The composition of this little work is clearly a reprise of the central panel of the Bladelin triptych (Berlin, Staatliche Museen) by Van der Weyden. It has, however, been simplified and the proportions of the figures with respect to the architecture made more natural. The angels have been omitted and the stable transformed into a realistic architectural fragment, according to Memling's custom, with a spatial function that transcends the field of view of the painting. All the typological and iconographical ingredients of the earlier example are otherwise present. We know that this presentation of Mary, dressed in white and suddenly and painlessly praying to her new-born Child, derives from the 'Revelationes' of St Bridget of Sweden (fourteenth century). The way Joseph, holding his candle, is overwhelmed by the divine light also derives from that source, as does the pillar on the left which Mary saw during the birth and which symbolises Christ's flagellation. Memling also retains in his composition the cellar entrance at the front, which might be an allusion to the cave in Bethlehem where Christ was born.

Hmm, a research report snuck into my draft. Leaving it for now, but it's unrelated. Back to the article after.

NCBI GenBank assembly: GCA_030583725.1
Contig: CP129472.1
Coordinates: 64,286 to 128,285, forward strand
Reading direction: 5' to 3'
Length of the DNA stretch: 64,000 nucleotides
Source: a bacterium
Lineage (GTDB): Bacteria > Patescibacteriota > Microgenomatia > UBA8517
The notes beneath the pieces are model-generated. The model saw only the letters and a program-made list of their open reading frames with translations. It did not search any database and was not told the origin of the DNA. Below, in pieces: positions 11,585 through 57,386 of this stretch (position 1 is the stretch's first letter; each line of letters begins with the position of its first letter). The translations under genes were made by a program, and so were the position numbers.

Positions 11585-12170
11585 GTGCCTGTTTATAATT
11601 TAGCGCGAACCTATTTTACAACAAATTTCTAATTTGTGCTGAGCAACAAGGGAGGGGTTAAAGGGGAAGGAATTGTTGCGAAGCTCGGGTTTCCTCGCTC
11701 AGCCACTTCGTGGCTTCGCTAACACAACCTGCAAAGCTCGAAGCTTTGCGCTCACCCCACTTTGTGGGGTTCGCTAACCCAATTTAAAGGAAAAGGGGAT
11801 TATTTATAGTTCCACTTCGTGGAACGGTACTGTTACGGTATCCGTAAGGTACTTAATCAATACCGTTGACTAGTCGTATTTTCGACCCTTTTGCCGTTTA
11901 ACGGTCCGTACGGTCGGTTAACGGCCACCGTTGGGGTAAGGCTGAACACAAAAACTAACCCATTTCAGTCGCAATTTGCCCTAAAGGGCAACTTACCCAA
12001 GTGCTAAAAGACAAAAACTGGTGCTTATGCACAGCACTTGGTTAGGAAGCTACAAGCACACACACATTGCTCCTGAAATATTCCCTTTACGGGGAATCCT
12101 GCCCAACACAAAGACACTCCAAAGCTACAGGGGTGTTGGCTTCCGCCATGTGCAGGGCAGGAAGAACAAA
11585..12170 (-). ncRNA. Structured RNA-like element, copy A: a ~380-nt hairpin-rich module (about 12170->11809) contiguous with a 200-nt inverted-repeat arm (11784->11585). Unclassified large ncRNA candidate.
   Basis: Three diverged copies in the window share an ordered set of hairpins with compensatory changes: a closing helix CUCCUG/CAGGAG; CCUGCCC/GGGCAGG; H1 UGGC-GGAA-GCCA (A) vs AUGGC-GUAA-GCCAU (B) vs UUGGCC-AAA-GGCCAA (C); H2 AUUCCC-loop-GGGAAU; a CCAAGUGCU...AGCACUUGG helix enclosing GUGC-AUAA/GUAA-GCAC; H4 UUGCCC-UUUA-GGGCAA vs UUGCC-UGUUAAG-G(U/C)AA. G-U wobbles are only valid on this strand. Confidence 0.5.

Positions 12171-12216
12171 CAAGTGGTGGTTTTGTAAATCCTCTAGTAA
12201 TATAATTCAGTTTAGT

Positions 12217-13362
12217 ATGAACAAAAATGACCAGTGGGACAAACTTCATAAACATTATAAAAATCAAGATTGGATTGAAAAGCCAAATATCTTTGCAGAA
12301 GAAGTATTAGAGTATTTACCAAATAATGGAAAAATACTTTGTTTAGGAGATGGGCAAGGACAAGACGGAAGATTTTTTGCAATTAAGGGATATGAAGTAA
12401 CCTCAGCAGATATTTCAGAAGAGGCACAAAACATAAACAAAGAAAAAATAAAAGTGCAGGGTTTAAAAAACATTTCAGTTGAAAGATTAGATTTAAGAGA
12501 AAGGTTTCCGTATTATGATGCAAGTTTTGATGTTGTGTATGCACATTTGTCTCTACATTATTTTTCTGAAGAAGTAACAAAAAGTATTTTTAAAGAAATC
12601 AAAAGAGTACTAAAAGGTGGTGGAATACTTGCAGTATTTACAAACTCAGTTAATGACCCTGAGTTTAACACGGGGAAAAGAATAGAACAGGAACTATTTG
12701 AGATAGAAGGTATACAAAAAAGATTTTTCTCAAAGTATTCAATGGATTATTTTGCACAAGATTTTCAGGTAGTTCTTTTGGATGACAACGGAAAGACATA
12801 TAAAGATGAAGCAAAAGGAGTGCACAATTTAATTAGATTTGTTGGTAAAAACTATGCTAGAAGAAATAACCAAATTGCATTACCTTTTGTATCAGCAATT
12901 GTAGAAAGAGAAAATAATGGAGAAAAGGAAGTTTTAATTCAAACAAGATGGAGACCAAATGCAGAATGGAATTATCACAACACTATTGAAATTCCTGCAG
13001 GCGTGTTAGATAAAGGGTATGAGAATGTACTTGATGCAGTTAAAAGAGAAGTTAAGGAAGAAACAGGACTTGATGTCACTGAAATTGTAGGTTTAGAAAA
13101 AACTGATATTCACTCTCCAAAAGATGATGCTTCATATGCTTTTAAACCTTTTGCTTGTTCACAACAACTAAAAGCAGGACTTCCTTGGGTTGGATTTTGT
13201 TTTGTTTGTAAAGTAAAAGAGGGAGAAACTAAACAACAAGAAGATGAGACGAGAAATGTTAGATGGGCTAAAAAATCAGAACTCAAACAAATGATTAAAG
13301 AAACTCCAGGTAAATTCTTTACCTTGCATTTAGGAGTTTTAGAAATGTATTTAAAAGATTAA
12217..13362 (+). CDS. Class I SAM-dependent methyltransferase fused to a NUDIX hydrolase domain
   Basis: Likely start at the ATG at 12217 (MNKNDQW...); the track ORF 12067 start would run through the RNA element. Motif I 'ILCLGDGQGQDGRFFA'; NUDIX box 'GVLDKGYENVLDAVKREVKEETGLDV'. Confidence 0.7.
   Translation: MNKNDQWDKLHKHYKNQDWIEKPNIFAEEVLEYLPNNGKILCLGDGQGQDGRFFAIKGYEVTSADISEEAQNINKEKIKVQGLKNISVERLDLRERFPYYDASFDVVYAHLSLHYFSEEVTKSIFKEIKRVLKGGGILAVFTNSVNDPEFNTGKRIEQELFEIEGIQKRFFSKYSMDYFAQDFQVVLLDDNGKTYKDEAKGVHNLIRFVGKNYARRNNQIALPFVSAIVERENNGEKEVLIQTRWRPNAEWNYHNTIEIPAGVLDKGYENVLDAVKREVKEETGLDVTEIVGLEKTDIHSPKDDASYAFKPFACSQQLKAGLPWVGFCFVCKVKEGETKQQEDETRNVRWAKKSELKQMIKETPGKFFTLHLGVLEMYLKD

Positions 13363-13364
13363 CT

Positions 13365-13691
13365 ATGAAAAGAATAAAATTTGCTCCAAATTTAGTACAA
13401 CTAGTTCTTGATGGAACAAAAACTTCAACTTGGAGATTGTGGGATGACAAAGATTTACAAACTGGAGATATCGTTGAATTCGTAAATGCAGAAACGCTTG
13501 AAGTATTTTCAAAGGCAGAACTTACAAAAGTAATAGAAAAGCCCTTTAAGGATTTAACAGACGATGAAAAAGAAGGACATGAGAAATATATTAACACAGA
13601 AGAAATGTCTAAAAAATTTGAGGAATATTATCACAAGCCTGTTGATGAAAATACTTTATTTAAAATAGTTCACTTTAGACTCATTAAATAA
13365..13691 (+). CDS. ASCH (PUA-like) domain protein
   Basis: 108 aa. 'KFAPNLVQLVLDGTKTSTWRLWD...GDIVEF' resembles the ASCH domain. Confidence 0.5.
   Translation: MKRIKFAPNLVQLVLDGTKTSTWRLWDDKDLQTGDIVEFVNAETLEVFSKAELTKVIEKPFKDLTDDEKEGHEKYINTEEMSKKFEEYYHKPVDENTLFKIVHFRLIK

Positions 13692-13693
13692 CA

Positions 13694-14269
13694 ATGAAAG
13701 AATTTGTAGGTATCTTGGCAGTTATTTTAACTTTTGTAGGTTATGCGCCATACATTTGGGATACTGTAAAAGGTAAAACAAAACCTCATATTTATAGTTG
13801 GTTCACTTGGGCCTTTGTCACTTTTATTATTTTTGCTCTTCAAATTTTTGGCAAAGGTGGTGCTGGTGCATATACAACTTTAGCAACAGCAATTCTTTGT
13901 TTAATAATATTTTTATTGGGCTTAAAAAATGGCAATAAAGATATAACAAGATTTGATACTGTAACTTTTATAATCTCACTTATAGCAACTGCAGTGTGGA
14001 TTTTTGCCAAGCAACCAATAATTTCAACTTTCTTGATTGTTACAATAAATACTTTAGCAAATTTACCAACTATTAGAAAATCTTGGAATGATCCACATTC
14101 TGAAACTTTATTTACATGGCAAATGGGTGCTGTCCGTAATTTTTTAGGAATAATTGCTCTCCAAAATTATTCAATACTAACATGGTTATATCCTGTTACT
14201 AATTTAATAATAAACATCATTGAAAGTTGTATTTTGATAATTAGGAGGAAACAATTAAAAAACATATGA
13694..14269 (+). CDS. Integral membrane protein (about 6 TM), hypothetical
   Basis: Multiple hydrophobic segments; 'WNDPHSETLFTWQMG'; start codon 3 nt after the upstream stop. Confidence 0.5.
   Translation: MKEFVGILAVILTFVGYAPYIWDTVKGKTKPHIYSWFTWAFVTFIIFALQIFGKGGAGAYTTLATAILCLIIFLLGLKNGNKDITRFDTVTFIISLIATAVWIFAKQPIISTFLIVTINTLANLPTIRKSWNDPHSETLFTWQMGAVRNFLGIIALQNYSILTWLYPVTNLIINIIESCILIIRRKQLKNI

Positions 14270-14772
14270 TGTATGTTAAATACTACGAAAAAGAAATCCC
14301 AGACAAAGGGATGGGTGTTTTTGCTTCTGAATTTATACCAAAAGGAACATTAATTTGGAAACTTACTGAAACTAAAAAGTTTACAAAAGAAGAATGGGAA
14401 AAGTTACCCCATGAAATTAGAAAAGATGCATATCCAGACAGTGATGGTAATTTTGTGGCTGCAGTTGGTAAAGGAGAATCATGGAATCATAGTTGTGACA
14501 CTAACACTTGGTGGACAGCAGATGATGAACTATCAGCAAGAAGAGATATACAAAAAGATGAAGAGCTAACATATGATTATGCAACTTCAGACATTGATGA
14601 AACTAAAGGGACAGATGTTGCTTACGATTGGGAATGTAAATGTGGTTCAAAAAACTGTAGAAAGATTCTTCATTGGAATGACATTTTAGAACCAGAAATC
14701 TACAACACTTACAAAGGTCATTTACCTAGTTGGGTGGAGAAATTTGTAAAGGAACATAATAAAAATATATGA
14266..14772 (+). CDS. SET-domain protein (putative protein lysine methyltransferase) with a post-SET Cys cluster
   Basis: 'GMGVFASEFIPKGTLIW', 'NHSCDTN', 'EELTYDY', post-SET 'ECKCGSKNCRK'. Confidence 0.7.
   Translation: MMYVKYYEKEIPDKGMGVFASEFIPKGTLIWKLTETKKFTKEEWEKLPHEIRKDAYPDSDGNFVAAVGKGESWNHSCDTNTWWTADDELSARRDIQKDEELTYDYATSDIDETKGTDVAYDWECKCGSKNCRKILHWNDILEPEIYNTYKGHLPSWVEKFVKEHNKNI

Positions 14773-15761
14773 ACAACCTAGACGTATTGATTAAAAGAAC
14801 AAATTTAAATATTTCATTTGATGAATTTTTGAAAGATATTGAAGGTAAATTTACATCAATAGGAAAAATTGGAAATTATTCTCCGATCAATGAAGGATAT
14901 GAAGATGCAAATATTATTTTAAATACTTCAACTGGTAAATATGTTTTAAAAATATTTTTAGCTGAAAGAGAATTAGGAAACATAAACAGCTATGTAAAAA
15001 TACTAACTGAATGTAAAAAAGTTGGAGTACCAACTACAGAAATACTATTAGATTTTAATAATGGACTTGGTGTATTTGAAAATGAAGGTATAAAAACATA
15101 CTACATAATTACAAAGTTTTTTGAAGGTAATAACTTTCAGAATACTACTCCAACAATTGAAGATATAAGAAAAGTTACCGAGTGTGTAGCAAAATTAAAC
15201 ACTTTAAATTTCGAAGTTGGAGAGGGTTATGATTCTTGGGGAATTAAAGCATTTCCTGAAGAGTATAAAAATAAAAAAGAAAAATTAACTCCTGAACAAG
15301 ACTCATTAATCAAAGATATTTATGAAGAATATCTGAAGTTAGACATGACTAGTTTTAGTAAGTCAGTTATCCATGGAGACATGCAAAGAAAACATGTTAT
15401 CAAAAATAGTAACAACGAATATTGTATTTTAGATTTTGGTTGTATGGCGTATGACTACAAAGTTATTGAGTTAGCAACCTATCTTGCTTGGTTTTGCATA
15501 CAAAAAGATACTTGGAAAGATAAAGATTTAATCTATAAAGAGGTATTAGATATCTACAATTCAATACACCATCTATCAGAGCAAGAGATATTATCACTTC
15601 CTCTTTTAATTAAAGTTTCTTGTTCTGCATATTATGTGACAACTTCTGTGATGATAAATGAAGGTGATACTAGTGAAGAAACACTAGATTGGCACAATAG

It is generally accepted that the painting should be ascribed to Memling and dated to around 1470. The figures do indeed retain the rather stocky frame and rounded physiognomy of the earliest works. Mary is identical to the Ottawa Virgin, which dates from 1472. The little painting also closely resembles the Nativity in the left wing of the Prado triptych in terms of style. A date of around 1470-72 would thus appear likely.
The painting, in all probability, have been the central panel of a small triptych with donor wings on either side, or possibly an iconography that was also inspired by the Bladelin triptych. It must have been located in or around Bruges, because it was copied towards the end of the fifteenth century in a small tondo located in St John's Hospital in Damme.
The painting is in its original frame.